HomePublicationsThe Tracker MagazineVol 1, No. 2, Feb 1982

The Tracker Magazine - Vol 1 No. 2, Feb 1982

Night Flight
by Medicine Hawk
Gary Eiff

The night was overcast and cold.  An icy wind stung my face, but my heart was warm as I pulled my capote tighter around me.  The softly falling snow had been a tranquillizer to my soul.  The long absence from the woods had cost me my inner peace and I no longer walked in balance with my earth mother.  Few places on earth represent the quagmire of humanism and humanistic ideals more than the campus of a university.  Weeks of teaching the headlong rush of electronics technology had left me drained and despairing.  This same haunting question kept eating at my heart: “What is this coveted thing we call technology?”

The snow had stooped and now the sky was clearing as if the Great Spirit were pulling back a great cover to reveal a full moon.  Slipping along on skinny skiis, the weight of the pack on my back gave me a fullness of being.  The awesome beauty of the powdered snow diamonds falling from the trees in the pale blue light of the full moon filled me with joy.  What would my colleagues think if they could see this mad, wretched example of the academic community, the “genteel intelligensia”, frolicking like a child at 4 A.M., miles from rational man's last footsteps?  What is the essence of life?

With the quiet hiss of the skis, I glide down the slope into the clump of pines, giving flight to the two does and the buck taken by surprise by my arrival.  Man has put them to flight, but they pause at the top of a hill for they realize a brother.  The wind has burst through the boughs of the pines with a song that has always touched my soul with the deepest peace.  I have often sought out my brothers the pines for they can heal my tensions as no “white man’s” medicine can.

The morning star is just breaking the eastern horizon and bathes the cleansing white blanket of snow that covers my mother, healing her wounds, preparing her for the south's revival. Such is as the Great Spirit wished it: the four seasons in turn, the circle of life. Renewed and at peace, I slowly make my way through the pines. Suddenly I am jolted back to the realities of the broken circle. My skis had dislodged a spent six pack of beer, left, no doubt, in the hedonistic quest for self-gratification with no regard for others or the circle of life. It is stark testimony that man alone breaks the circle and wantonly and willfully scars our mother with wounds that cannot be healed by the north's cleansing power nor the south’s renewing power. Where does he suppose he will go when the circle is broken?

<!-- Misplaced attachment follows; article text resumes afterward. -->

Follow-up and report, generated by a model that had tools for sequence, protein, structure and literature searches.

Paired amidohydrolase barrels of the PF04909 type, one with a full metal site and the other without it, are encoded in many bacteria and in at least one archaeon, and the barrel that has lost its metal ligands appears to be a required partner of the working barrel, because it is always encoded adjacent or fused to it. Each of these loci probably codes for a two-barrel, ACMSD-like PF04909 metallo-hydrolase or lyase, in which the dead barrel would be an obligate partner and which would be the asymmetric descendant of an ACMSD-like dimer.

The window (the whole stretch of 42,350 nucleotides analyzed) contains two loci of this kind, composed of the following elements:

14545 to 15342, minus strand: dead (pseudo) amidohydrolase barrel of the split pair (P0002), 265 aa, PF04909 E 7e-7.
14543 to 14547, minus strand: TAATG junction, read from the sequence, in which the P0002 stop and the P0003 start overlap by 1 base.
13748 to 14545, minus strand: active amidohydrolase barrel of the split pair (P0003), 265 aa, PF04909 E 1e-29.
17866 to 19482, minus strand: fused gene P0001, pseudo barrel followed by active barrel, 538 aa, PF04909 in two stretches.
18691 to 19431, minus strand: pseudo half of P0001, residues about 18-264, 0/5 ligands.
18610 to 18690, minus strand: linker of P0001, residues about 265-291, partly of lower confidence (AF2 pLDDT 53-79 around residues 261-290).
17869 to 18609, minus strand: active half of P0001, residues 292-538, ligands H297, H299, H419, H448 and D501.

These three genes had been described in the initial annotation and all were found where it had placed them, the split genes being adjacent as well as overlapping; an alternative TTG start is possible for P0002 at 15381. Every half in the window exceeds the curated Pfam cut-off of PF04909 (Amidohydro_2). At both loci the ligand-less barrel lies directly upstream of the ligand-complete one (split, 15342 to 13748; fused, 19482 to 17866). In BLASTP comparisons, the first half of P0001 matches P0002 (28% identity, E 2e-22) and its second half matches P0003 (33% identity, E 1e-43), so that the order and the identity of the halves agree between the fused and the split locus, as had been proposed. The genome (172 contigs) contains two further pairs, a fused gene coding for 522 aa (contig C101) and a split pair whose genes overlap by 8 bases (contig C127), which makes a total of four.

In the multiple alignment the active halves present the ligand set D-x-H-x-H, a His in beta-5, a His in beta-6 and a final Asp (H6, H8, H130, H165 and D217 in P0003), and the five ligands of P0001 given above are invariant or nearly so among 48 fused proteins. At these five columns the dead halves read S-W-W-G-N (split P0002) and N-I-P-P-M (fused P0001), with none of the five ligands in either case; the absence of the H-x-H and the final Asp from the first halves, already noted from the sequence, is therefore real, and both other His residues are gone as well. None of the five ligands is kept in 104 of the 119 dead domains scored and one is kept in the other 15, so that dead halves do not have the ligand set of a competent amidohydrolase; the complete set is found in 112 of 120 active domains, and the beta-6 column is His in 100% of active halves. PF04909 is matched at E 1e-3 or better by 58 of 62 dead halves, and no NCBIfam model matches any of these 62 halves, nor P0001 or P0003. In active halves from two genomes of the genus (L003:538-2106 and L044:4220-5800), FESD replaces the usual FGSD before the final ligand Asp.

With a sorrow-laden heart, I head for home. At what price is "progress"? Man's craving desire for “technology” is his excuse to rape and plunder the earth. Where is technology going? Is it buying us a better life? Have we lost the true essence of life? Man has not only lost his brotherhood to the four-logged, the winged, and all the members of the circle, but he also grows further from his fellow man. 

As I approach the edge of the woods, I’m struck as if by a revelation. I realize that there before me is the essence of technology. I gaze at the monument to man's wisdom, his knowledge, his progress. Quickly stripping my skis, I climb the monument to take in its full impact. Yes, this is it. This is the answer I have been seeking for. Here is the true meaning of man's technology. As the old rusted car door slips from beneath my feet and careens down the pile of discarded washers, tvs, and halfeaten food, I realize that this is the epitome of man’s technology. The landing of a man on the moon is heralded as the pinnacle of man's technological achievement. Did we not go to that virgin asteroid and erect a monument to our technology by leaving all our garbage? Is that how man views his mother earth - as something to be used and then discarded?

All things form the chain of the circle of life - each dependent on the other. Everything has its place and is necessary for the wholeness of the circle, save one, man. Man alone stands outside the circle, for the circle can exist without him. Yet man depends on the circle for his existence. Will man, in all his professed wisdom and knowledge, continue to relentlessly try to break the circle of life, cutting my mother's breath, poisoning the land, indiscriminately killing? Will the pompousness, arrogance and greed of man make the ultimate monument to technology the extinction of man and possibly all life on the earth? Or is it possible that man stands outside the circle of life for a purpose? Did the Great Spirit, in His infinite wisdom, prepare for this eventuality?

As I made my way slowly to my car, I tried to prepare my mind to cope with the return to the forefront of technology. My mind fought everything that technology stands for. In despair, I climbed into the car, my mind desperately trying to rationalize how I could teach my students the technology with a conscience, while deep in my heart my soul cried angrily to the Great Spirit for the great purification.

(Gary was a member of the first class Tom held on the farm. He and his wife MaryAnn were also in the third class an the farm in which Dick and Vicki were students. Gary presently teaches avionics at Southern Illinois University.)


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